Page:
The United States of America is a nation founded not on the basis of geography, race or religion, but rather on the radical idea that all men are created equal and endowed with certain inalienable rights. These rights to life, liberty, and the pursuit of happiness are protected by the U.S. Constitution and underpin our nation’s political and economic systems. The acknowledgment that these rights are endowed to us by our Creator has caused the United States to assume a role as a global leader in the protection of basic human liberties, and many have given their own lives to protect these precious rights both at home and abroad.

Why was this idea radical?

The notion that “all men are created equal” was, in spite of its self-evident truth, a radical concept in the years leading up to our nation’s founding. The history of human rights abuses, specifically slavery, spans time immemorial and has involved people among virtually all nations, religions and ethnicities. The history of slavery is certainly not limited to the trans-Atlantic slave trade that brought African slaves to our nation’s shores, and sadly, millions continue to be enslaved around the world today. In America, the first written document protesting slavery arose in 1688 in the Christian Mennonite community of Germantown, Pennsylvania. Nearly 100 years later, Thomas Jefferson’s thoughts contained in a draft of the Declaration of Independence described King George’s “… cruel war against human nature itself, violating its most sacred rights of life and liberty in the persons of a distant people who never offended him, captivating and carrying them into slavery in another hemisphere or to incur miserable death in their transportation thither.” These statements were bold in their time and the abolitionist movement both here and abroad represented a great shift in attitudes about the dignity of humanity.

Why didn’t the Founders abolish slavery at our nation’s conception?

The Founders of America were certainly divided on the morality of slavery. Many of them owned slaves, although it appears that at least a few of the ones who did own slaves, like Jefferson, were conflicted regarding the morality of the institution in which they were involved. However, even had the Founders sought to abolish slavery from the beginning, they could not have done so while simultaneously honoring the principles of our burgeoning government (namely, the principles of representation and federalism). In order to maintain a government “Of the people, by the people and for the people,” it would be impossible to simply outlaw slavery when, at the time, a majority of citizens believed slavery to be justifiable. In light of the obvious cognitive dissonance, the Founders realized that if slavery was ever going to be outlawed in a nation governed by the people, they had to build the nation first. Thankfully they did.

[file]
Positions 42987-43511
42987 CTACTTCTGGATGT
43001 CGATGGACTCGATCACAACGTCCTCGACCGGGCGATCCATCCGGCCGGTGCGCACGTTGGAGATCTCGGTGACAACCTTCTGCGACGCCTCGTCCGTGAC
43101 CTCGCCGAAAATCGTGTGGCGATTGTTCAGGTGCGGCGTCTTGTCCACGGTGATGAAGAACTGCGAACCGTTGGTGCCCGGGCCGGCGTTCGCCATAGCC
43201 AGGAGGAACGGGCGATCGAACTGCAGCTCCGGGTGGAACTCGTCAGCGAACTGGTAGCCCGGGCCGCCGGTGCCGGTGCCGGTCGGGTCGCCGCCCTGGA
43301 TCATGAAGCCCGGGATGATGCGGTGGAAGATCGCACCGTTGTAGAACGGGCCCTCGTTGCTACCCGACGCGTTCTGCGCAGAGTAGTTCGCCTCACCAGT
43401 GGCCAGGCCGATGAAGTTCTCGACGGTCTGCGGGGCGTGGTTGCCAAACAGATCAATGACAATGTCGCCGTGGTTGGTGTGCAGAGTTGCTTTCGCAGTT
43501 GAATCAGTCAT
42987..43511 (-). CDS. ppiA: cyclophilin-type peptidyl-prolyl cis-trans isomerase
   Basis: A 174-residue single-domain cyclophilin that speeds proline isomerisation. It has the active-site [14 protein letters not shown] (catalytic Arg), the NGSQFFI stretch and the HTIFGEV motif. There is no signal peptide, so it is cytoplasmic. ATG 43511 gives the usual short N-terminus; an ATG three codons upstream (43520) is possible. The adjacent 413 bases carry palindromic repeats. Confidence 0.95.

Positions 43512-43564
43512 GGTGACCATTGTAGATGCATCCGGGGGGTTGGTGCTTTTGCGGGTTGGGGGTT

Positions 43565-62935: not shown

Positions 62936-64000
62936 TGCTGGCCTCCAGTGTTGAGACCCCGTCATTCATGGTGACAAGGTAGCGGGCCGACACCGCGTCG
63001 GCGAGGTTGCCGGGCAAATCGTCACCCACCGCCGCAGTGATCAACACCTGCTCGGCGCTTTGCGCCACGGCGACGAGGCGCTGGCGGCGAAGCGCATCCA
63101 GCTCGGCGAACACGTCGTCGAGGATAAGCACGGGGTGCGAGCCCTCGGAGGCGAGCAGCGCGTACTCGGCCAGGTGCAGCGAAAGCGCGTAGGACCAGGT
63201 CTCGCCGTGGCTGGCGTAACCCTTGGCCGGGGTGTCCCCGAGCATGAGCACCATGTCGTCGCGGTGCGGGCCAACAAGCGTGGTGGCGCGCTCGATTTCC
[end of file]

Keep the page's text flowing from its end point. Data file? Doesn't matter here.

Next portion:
The three-fifths compromise

In 1787 during the writing of the U.S. Constitution, which replaced the original Articles of Confederation, there was great debate over slaves and their political influence. The “three-fifths compromise” is commonly cited as proof that America was founded as a racist nation because, institutionally, slaves were considered three-fifths of a person. It was, in fact, the racist, slave-owning, Southern state delegates who argued that their slaves should be counted as whole persons, and it’s easy to see why: a higher population in the Southern states meant each of those states received greater representation in the federal legislature. The abolitionist Northern state delegates argued that if slaves were property, they shouldn’t be counted as persons and conversely, if they were to be counted as persons, then they shouldn’t be property. They also recognized that forcing this issue would have caused the fledgling nation to pull apart at the seams. The three-fifths compromise was the only way to preserve the Union, and set forth a pathway for the institution of slavery to be abolished in the future.

The story of America is an imperfect one, but we were founded on the greatest idea in history. We have not always lived up to our principles, and our flawed leaders have not always applied the law equally to all citizens. Our story is one of continually moving toward that founding idea of being created equal. We must not allow ourselves to be convinced that the failure of our historical leaders to apply our founding principles is a failure of the principles themselves. Divisive class and racial warfare seek only to distract us from pursuing our commonly held goals. The American idea is great. Faced with the choice between continuing to move toward our ideal and tearing it all down, we must choose to move toward it together.

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Devin Patton is a third-generation Wallowa County native whose pastimes include the study of ag economics, history and free thought.

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